2. In combination with the coupling of claim 1, a power cylinder mechanism comprising a cylinder, a piston reciprocably received by said cylinder, said cylinder having a head block which is provided with an elongated uniform diameter bearing opening, a piston rod having opposite ends, said rod being coaxially secured at one end to said piston and being reciprocally received by said bearing opening, said bearing opening and said piston rod having a close sliding fit therebetween whereby said piston rod is held against lateral movement during reciprocation thereof, the other end of said piston rod being threaded and received by the threaded bore in said coupling screw.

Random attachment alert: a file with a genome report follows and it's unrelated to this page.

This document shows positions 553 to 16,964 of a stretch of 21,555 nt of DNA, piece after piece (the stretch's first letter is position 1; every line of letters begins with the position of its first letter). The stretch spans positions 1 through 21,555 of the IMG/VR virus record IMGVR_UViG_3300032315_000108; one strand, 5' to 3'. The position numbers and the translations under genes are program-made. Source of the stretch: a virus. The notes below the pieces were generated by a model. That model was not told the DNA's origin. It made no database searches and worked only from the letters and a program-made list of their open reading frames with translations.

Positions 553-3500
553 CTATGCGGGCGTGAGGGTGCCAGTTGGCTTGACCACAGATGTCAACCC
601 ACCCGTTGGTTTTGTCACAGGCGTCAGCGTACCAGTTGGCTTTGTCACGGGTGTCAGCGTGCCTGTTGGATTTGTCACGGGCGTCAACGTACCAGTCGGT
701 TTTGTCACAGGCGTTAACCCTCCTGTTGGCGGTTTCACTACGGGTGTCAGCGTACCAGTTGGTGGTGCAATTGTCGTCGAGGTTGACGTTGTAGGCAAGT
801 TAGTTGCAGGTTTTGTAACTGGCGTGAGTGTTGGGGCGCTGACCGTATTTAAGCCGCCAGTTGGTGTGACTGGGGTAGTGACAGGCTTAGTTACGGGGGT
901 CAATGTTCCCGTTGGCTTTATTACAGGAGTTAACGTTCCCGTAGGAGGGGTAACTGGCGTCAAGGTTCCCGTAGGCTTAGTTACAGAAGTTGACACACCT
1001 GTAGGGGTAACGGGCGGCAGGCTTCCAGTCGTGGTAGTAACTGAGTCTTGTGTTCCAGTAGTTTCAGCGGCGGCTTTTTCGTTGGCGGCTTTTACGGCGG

3. A coupling of the character described comprising a tubular housing having opposite ends and a cylindrical inner wall which is of substantially uniform diameter between said opposite ends, said housing having on one of said ends a flat end wall which is normal to the axis of said housing, said end wall having a circular coaxial opening therein thereby defining fiat annular inner and outer end surfaces, said cylindrical wall being divided into two axially extending portions in end-to-end relation, one of said portions adjacent to said inner end surface being relatively smooth and the other of said portions being threaded; an elongated stud having a circular head and a stem extending coaxially therefrom, said head being relatively fiat with the diameter thereof being at least four times longer than the thickness thereof, said thickness being measured along the axis of said stud and said diameter being measured at right angles thereto, said head having two opposite annular surface portions which are part-spherical in shape, one of said annular surface portions being disposed on the side of said head opposite from said stem, the other of said annular surface portions being disposed on the side of said head adjacent to said stem, the centers of curvatures of said surface portions lying on the axis of said stud on the opposite sides, respectively, of said head, the radii of curvatures of said surface portions being substantially equal, said radii being a length at least twice as long as the radius of said head, the inner diameters of said annular surface portions being substantially equal to the diameter of said stem, the diameter of said head being larger than the diameter of said stem, the portion of the surface of said head inside said one annular surface portion being flat and normal to the axis of said stud, said stud having a reduced diameter cylindrical throat portion disposed between said head and said stem, said stem being externally threaded; said stud being movably as sembled to said housing with said head being coaxially positioned inside said housing and said stem projecting beyond said end wall opening, said throat portion being disposed radially inside said opening, the diameter of said head being smaller than the diameter of said cylindrical inner wall to provide for radial clearance therebetween, the diameter of said throat portion being smaller than the diameter of said opening to provide for radial clearance therebetween, the aforesaid diameters of said head and throat portion being so related to the diameters of said inner wall and opening, respectively, to make the aforesaid radial clearances substantially equal; two annular bearing members of substantially identical shape and size; each said bearing member having opposite surfaces of which one is flat and the other concave spherical, said one flat bearing surface being normal to the axis of the bearing member, the other concave spherical surface of said bearing member having a center of curvature on the last-mentioned axis, the radius of the last-mentioned curvature being equal to the radius of curvature of said annular surface portions; one of said bearing members coaxially surrounding said throat portion and being interposed between said head and said end wall, the flat surface of said one member being slidably engageable with the inner surface of said end wall and the concave spherical surface thereof being slidably engageable with th other of said annular surface portions, the diameter of said throat portion being smaller than the inner diameter of said one bearing member, the other bearing member being slidably engaged with said one annular surface in coaxial relation therewith, said bearing members having outer diameters which are substantially equal to the outer diameter of said head, the areas of the concave spherical surfaces of said members being substantially equal to and coextensive with the areas of said annular surface portions, respectively; a disc-shaped adjusting screw having flat and parallel opposite sides threaded into said housing into operative sliding engagement with said other bearing member, said screw being adjustable to an extent capable of operatively engaging said hearing member and stud head against said end wall.